Punisher is a character that requires special attention. Ralph Macchio makes that very clear in his afterword when he discusses how tricky it was to pitch a Punisher Annual due to his inability to fight a lot of supervillains. This collection proves that great stories come in droves for the character, but there are also specific reasons as to why this book is a fun read.
So what’s it about?
The official summary reads:
Delivering justice from New York to Japan! Gary Saunders is on death row – but the law doesn’t move quick enough for the Punisher! The kids at Malcolm Shabazz High School had better behave for their new substitute teacher – Mr. Castle! But how does that lead to Frank trying to topple the Kingpin? He’s determined to take Wilson Fisk down once and for all – and it’s all building to a brutal faceoff ! Then, Frank heads to Las Vegas in search of an assassin! A knockout round in the boxing ring leads to an encounter with the ninja Shadowmasters, and when Atlantis Attacks he’ll team up with Moon Knight – but what is the Punisher’s part in the Evolutionary War? Plus, Frank takes on a war journal’s worth of drug dealers, mobsters and criminals!
Can I jump in easily?
It’s pretty easy to dive into these stories since most of the issues contained here are done in one adventures. This collection houses Punisher (1987) #11 to 25 as well as Punisher Annual 1 and 2. The longest story arc involves Kingpin running just four issues in length. The late 80s were a different time for comics when stories were quick, to the point, and captured what you wanted in the title character.
Reason 1: Easy to drop in and enjoy the gun show.
At a glance, readers can say Punisher is a one-note character. Shoots his guns, intense origin, and grit like no other. To be honest, many of the stories here capture that and focus on that, but there are so many other aspects of the character to explore too. In this collection, we witness Frank team up with Moon Knight, attempt to fight off robotic enemies, and take down high school kids as a substitute teacher! There’s an eclectic mix of stories here that have Punisher going on spiritual journey’s in Mexico or fighting off ninja warriors. Hell, he even goes into the boxing ring at one point! Since most of the stories collected here were one-shot tales there’s a lot of creative ideas and clever villains for Punisher to take on. He might fight with guns and bullets, but in a lot of ways, it’s about how he gets out of tight situations that make this a lot of fun to read. There are also excellent snapshots of Punisher’s headquarters and battle van that should not be missed.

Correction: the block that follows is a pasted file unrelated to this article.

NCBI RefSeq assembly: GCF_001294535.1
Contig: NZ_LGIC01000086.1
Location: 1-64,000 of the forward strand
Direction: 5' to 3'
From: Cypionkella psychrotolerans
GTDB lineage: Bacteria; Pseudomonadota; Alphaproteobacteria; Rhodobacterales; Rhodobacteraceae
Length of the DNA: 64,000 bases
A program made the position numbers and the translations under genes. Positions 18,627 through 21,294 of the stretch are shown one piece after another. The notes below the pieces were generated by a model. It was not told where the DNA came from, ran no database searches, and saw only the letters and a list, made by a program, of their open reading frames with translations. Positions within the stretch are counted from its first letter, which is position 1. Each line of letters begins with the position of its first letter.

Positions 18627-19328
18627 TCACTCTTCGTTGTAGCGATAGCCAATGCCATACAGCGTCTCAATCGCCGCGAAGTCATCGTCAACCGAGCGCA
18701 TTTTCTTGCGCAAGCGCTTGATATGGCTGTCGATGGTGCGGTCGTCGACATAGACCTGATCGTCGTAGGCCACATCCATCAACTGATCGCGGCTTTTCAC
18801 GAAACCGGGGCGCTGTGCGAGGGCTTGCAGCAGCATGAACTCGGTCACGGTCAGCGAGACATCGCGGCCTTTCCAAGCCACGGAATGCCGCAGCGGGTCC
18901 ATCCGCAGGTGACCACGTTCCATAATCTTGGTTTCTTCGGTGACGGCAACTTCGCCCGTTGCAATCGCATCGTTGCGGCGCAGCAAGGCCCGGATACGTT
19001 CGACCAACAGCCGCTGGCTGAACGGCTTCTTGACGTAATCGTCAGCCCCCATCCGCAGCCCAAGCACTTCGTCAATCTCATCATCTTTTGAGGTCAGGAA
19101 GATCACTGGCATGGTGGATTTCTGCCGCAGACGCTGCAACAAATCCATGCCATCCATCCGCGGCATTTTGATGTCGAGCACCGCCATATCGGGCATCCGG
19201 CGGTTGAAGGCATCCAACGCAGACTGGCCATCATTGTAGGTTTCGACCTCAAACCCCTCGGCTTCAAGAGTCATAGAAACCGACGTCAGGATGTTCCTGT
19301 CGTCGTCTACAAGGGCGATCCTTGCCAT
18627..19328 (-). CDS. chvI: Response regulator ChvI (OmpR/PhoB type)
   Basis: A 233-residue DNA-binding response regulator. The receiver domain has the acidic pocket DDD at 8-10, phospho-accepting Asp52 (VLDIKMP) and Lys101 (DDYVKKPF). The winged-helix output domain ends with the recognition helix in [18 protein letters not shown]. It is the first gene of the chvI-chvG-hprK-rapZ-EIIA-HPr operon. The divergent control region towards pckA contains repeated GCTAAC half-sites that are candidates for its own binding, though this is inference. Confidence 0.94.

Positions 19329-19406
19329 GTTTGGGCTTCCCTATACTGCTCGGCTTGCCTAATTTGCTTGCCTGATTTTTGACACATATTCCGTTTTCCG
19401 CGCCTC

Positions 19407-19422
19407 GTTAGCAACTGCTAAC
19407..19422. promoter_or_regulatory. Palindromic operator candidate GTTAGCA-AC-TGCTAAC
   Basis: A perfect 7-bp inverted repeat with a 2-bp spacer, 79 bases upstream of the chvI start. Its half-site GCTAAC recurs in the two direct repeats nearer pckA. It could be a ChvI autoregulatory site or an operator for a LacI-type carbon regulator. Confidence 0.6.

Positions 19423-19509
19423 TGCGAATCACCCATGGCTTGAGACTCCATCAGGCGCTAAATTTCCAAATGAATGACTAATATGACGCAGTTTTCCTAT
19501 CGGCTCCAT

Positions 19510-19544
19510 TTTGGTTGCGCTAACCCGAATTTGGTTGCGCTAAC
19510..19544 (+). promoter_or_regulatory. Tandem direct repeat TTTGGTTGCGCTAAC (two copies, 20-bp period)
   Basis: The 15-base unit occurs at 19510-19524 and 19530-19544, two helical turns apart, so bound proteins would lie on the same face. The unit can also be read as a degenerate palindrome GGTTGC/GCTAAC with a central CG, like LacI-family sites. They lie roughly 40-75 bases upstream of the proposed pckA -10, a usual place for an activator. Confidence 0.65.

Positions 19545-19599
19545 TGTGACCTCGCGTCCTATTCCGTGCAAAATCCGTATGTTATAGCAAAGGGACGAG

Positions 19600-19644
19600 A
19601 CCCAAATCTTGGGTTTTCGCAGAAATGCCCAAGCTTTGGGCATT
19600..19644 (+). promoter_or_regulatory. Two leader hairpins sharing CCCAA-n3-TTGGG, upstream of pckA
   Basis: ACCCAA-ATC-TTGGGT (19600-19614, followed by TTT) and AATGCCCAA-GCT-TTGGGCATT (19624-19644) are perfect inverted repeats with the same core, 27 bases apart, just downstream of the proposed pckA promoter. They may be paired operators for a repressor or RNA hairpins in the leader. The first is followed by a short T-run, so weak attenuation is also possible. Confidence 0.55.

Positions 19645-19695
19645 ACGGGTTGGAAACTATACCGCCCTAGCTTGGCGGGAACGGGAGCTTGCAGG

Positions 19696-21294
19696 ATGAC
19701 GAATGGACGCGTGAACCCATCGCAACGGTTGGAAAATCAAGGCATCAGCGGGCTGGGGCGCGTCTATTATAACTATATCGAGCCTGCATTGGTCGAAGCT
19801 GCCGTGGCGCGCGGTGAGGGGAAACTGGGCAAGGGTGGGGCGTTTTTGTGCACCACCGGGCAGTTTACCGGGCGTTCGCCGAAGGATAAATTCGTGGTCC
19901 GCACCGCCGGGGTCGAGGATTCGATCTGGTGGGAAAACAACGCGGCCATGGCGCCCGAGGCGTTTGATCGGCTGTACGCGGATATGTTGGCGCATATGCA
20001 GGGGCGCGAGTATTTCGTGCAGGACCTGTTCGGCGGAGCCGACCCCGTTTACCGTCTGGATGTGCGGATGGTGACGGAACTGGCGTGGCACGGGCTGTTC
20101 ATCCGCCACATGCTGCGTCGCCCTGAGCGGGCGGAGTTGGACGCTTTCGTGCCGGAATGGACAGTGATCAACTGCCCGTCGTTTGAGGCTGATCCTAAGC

Reason 2: Excellent Kingpin showdown.
There’s a reason this Epic Collection is titled “Kingpin Rules”. This four-part story drops at about the halfway mark of this collection and features the brutal strength and ruthlessness of Kingpin very well. Punisher is no match with Kingpin in a fist fight, we see that later in the story arc, but it’s clever ideas that put Kingpin in a corner. Punisher has friends who can hack and mess with Kingpin’s purse and yet Kingpin matches Punisher’s strikes with his own hacker (aptly named “The Board”…get it?). It’s almost exhilarating to see how Wilce Portacio and Scott Williams render the hulking Kingpin who is 300 pounds of muscle and formidable in so many ways. He’s not just a crime boss, but a foe who can literally (in this arc even!) crush a man with a rock. This story even ends in a logical way that should make many hope for more Punisher vs. Kingpin stories.
Reason 3: Erik Larsen delivers.
Larsen finishes off this collection with issue #21 through #25 and has Punisher facing off against ninja camps and the Shadowmasters. Written by Mike Baron these stories contain quite a few twists and turns. It’s interesting to see how Larsen’s work has changed, but also remained the same when reading these stories. His edgy style captures the age and stress Punisher has endured while also maintaining his strength and unbridled fearlessness. There are fist fights, shooting, and excellent use of perspective. If you’re a lover of comic artistry it’s worth a look simply to see Larsen in his early days.
Reasons to be wary?
The first half of this collection focuses heavily on Punisher taking out Latin enemies. It seems odd and gets repetitive. There is also a High Evolutionary tie-in early on that leads nowhere. It’s as if there was a plan to have Punisher take on the supervillain but it simply goes away. That reads awkwardly when you sit down and read this cover to cover.
Is there a rationale for the reasons?
I had a blast with this collection and I wasn’t expecting to. It’s a nostalgic delight to experience these late 80s stories and it’s well worth a look if you have even the slightest interest in the character.
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